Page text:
Michael Horne
Bar Exam

Club Brady Has 130-Year History

There's been a tavern in odd trapezoidal building since 1885. Blame it on the lake.

By - Aug 10th, 2016 06:14 pm
Club Brady. Photo by Michael Horne.

Club Brady. Photo by Michael Horne.

This trapezoidal building with a little cut-out corner has been on the southwest corner of E. Brady St. and N. Warren Ave. since around 1885. It was almost certainly built as a tavern, and it is identified as a saloon in a map from 1894. Since it dates to an era before the city required building permits, it does not appear in the city records until April 25th, 1933, when the city demanded that the one-story frame store and dwelling to the east be torn down because it was “dilapidated and insanitary.” That lot remained vacant for many years, except during the winter, when Christmas trees would be sold here.

But the old corner building stood, and on September 12th, 1934 Frank G. Luke took out a permit to occupy the place as a newly legal tavern. “What was the previous use of the property?” the city asked. The answer: “Tavern.” Even during Prohibition, as with so many taverns in town.

By 1942 the place was owned by Anton Busateri, as the Sicilians began moving east into the old Polish neighborhood on Brady Street west of N. Humboldt Ave.

Tony changed the front entrance, installed brick piers and covered the walls and ceilings with decorative boards in June, 1942. By 1948 the place was the Sparrow Club, at a time when avian names were popular for bars.

Perhaps it lacked the luster of New York’s Stork Club, but the Sparrow served food and drinks to its customers. In 1950 the upstairs rooms were converted to living quarters and sleeping rooms. There was great postwar demand for housing, and many single men lived above taverns (during sleeping hours) and inside the taverns themselves (when not at work.)

There were six rooms and a toilet upstairs. And you think it’s a pain sharing a bathroom with your spouse! How about five fellow factory workers after a night of drinking beer downstairs?

In 1951 the storefront was altered with the addition of four-inch stone veneer, which remains, as do the two plate-glass windows that opened the place up to the street. In 1953 two oil tanks were installed in the basement, replacing the coal stokers that heated the place. Progress came slow to Brady Street. By 1953 many people were installing gas heating, which is now nearly ubiquitous in Milwaukee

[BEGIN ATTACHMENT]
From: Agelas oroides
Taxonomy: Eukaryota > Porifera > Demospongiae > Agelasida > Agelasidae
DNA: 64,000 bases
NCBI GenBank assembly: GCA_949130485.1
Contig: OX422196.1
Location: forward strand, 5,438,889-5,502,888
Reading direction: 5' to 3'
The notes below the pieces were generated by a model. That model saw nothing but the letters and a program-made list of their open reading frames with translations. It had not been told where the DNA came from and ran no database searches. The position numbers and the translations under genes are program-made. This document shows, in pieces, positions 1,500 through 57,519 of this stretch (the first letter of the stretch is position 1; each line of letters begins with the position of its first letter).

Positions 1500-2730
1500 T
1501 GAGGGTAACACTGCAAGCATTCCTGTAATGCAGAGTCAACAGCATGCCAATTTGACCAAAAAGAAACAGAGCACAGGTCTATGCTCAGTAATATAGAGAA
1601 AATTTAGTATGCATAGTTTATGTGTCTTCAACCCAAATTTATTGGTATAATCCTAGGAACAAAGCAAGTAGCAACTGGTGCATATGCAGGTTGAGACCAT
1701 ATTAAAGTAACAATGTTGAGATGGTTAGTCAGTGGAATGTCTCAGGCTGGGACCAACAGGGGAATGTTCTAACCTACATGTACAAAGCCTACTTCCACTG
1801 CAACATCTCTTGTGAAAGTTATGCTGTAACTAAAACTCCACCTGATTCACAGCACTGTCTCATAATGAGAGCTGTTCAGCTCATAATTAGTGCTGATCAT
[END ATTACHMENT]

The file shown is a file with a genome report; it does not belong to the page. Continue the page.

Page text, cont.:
As late as 1976 Busateri still owned the place, although he had decamped to a residence in Bayside north of Brown Deer Road. In 1978 John Schroeder ran it as Rain Dancer, with an Andeker sign out front. In September, 1979 it was time for the N. Warren Ave. facade to be redone at its lower level. At the same time, the entire upper floor of the building was re-sided in the silly slanted cedar batten board siding that remains today, covering up what is probably a cool looking 1885 building. By 1980 it operated as Dr. Feelgood, an appropriate name for that pharmaceutically influenced era. Busateri still owned the building. The establishment had a steam table, a back bar, and carryout food.

In 1981 Mark Sherman, a busy operator, applied to run the place as Harpo’s. By 1984 it was operated by Michael D. Lee, the current owner. In 1986 the old vacant lot to the east was filled in with a 650-square-foot addition that gave us the bathrooms still in use today.

Club Brady Today

The corner entrance to the bar is shaded with a canopy, with glass blocks on either side of the door. Once in, you are immediately confronted with a couple of stairs, and, immediately to your left, a long bar that fills the entire east wall of the tavern on N. Warren Ave. Even though your haven’t even had a sip, the place is a bit disorienting, since the building has an acute angle here, where you would expect a normal right angle. This is thanks to the irregular street grid, which has been in place since 1835, so there is not much we can do about it now. The skewed street grid itself is due to the course of the shoreline of Lake Michigan, two blocks to the east. That has been in place since the Pleistocene era, so we are truly at the mercy of history here. Across the street, the Nomad World Pub has the equal but opposite situation. My goodness, this would be a great place to sit and do our geography and geometry homework!